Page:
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Elements of a shakespeariean tragedy

Elements of A Shakespeariean Tragedy

Shakespeare wrote many tragedies, which included The Tragedy of Julius

Caesar. He chose to take an important event in Roman history, the death of

Julius Caesar to write a play for the Globe Theater in 1599. The people who

lived during the Renaissance were very interested in the play and the story of

Julius Caesar's death. People's views of the play dating from 1599 to the

present may be very different and continually changing. Though the elements of

Shakespeare's tragedy Julius Caesar and other Shakespearian tragedies are all

the same. A Shakespearian tragedy is comprised of several elements; two

include a tragic hero and supernatural elements.

In a tragedy, the tragic hero is of high social position. The tragic

hero has a destructive flaw which in turn brings about his downfall. There is

much argument over who the tragic hero is in The Tragedy of Julius Caesar.

Some scholars say that the tragic hero is Julius Caesar, while others say it is

Marcus Brutus. A case can be made for both of the characters. Both Brutus and

Caesar are of high social and political status. Caesar was the dictator for

life of Rome and Brutus was an honorable Senator. Julius Caesar had two tragic

flaws. Caesar was said by Brutus to be ambitious, which led directly to his

downfall - " But as he was ambitious, I slew him." (Act 3. Scene 2. Line 28)

Caesar was also arrogant, he believed that he was too great to be harmed, Caesar

said " Cowards die many times before their deaths; the valiant never taste death

but once." (Act 2. Scene 2. Lines 34-35) Brutus too, had a tragic flaw.

Brutus was an idealist, not a realist. Brutus was an optimist, he always wanted

the best for Rome. Although sometimes, Brutus couldn't see things for what they

really are. This flaw prevented him from making good decisions.

The supernatural elements present in the play all foreshadow events to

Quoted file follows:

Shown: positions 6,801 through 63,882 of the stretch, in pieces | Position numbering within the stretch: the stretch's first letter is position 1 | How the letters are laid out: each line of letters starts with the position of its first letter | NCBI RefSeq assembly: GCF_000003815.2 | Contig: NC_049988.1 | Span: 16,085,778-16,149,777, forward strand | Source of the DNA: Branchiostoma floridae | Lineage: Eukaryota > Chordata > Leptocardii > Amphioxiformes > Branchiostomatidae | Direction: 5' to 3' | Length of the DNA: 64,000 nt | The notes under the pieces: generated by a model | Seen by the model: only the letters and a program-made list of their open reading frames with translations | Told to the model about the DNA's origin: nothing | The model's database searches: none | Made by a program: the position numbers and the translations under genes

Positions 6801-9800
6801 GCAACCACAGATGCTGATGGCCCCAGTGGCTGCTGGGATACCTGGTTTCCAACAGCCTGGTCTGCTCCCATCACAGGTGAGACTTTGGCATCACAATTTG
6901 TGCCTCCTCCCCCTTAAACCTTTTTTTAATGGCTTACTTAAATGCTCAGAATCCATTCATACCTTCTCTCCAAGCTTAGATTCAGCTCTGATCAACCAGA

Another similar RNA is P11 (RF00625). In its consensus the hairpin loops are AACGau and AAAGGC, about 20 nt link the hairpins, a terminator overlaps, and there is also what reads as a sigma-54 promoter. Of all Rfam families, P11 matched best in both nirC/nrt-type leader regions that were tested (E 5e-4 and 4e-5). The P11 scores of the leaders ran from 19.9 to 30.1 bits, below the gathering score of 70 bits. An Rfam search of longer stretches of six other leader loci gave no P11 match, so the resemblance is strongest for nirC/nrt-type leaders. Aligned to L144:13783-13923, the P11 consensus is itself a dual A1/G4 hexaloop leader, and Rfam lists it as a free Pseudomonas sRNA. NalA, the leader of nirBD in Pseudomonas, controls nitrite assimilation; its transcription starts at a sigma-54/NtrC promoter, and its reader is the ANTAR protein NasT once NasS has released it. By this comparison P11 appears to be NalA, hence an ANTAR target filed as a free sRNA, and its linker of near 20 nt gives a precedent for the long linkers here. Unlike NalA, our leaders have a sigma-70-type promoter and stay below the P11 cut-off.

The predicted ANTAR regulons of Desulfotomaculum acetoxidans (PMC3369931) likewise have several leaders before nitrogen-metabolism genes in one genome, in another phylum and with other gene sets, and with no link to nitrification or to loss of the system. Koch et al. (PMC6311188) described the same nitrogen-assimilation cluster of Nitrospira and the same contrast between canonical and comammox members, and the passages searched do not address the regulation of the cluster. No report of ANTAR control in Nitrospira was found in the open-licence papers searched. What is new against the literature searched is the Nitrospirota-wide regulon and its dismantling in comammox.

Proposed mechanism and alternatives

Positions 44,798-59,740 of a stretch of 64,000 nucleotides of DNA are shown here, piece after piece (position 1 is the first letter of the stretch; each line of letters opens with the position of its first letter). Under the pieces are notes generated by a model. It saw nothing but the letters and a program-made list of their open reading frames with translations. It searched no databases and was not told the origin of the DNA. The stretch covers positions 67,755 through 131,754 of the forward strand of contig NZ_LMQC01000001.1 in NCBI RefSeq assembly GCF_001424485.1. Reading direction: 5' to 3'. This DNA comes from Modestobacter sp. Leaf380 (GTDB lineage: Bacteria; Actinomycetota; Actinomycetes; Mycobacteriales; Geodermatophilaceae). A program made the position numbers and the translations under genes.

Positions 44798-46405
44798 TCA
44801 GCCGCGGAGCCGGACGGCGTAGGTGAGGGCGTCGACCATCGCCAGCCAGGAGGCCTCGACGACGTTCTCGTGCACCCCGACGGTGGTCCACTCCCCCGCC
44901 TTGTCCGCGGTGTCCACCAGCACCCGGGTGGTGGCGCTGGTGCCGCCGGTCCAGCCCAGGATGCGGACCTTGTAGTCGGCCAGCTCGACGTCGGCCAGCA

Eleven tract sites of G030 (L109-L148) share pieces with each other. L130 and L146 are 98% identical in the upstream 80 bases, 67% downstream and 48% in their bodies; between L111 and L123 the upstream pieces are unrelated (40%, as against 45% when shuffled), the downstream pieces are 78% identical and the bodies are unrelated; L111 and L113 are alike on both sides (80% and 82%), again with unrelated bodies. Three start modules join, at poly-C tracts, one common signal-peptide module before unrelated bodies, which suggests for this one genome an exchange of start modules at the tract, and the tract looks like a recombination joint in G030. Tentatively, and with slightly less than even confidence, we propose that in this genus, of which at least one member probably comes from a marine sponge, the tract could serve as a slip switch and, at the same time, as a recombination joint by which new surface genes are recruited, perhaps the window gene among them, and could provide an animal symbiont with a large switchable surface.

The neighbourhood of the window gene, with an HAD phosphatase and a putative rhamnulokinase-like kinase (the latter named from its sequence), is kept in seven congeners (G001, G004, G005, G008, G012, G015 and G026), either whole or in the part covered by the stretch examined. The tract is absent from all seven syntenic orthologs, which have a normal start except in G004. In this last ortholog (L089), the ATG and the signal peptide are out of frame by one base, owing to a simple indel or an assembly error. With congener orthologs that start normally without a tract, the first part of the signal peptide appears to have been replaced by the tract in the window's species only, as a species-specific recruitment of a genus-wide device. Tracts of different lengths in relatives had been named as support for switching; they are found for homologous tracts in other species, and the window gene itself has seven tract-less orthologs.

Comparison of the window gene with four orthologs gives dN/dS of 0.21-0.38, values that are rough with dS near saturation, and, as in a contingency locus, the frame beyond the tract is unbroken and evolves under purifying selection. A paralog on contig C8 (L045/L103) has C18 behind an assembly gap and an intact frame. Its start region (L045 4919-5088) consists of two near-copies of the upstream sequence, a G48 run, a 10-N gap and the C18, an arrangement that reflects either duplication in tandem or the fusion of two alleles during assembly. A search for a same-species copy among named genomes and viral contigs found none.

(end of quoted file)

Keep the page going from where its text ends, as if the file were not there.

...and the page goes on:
come. Three different characters show supernatural predictions. The Soothsayer

has an insight of trouble for Julius Caesar and he warns him - "Beware the Ides

of March." (Act 1. Scene 2. Line 21) On March 15, the date that Caesar was

warned of, his wife, Calphurnia had bad dreams. Calphurnia cried out in her

sleep "Help ho, they murder Caesar!" (Act 2. Scene 2. Line 3.) Calphurnia knew

that her dreams were a sign of what was to come. After Caesar's death, another

supernatural event occurred. Marc Antony and Octavius were at war with Brutus

and Cassius. Brutus was in his tent where his army was camped when the ghost of

Caesar appeared. During their encounter Brutus asked the ghost of Caesar "Why

com'st thou?" (Act 4.Scene 3.Line 326) The ghost of Caesar answered, " To tell

thee thou shalt see me at Philippi." (Act 4. Scene 3. Line 327) During the

battles there is a mistake, Pindarus, Cassius' slave, mistakes a situation.

Pindarus thinks that Titinius has been captured. Cassius, distraught over the

information, ordered his slave to kill him in return for his freedom. Titinius

found Cassius dead and killed himself. When Brutus finds both Titinius and

Cassius dead he senses the ghost of Caesar present and says "O Julius Caesar,

thou art mighty yet; Thy spirit walks abroad and turns our swords in our own

proper entrails." (Act 5.Scene 3.Lines 105-107)

Of all the elements in this Shakespearian tragedy, tragic heroes and

supernatural elements were the most predominant. Internal and external

conflicts were also major elements in this tragedy. Other readers may view the

factors of this tragedy in different ways, but all the elements of a tragedy

are present in this play.



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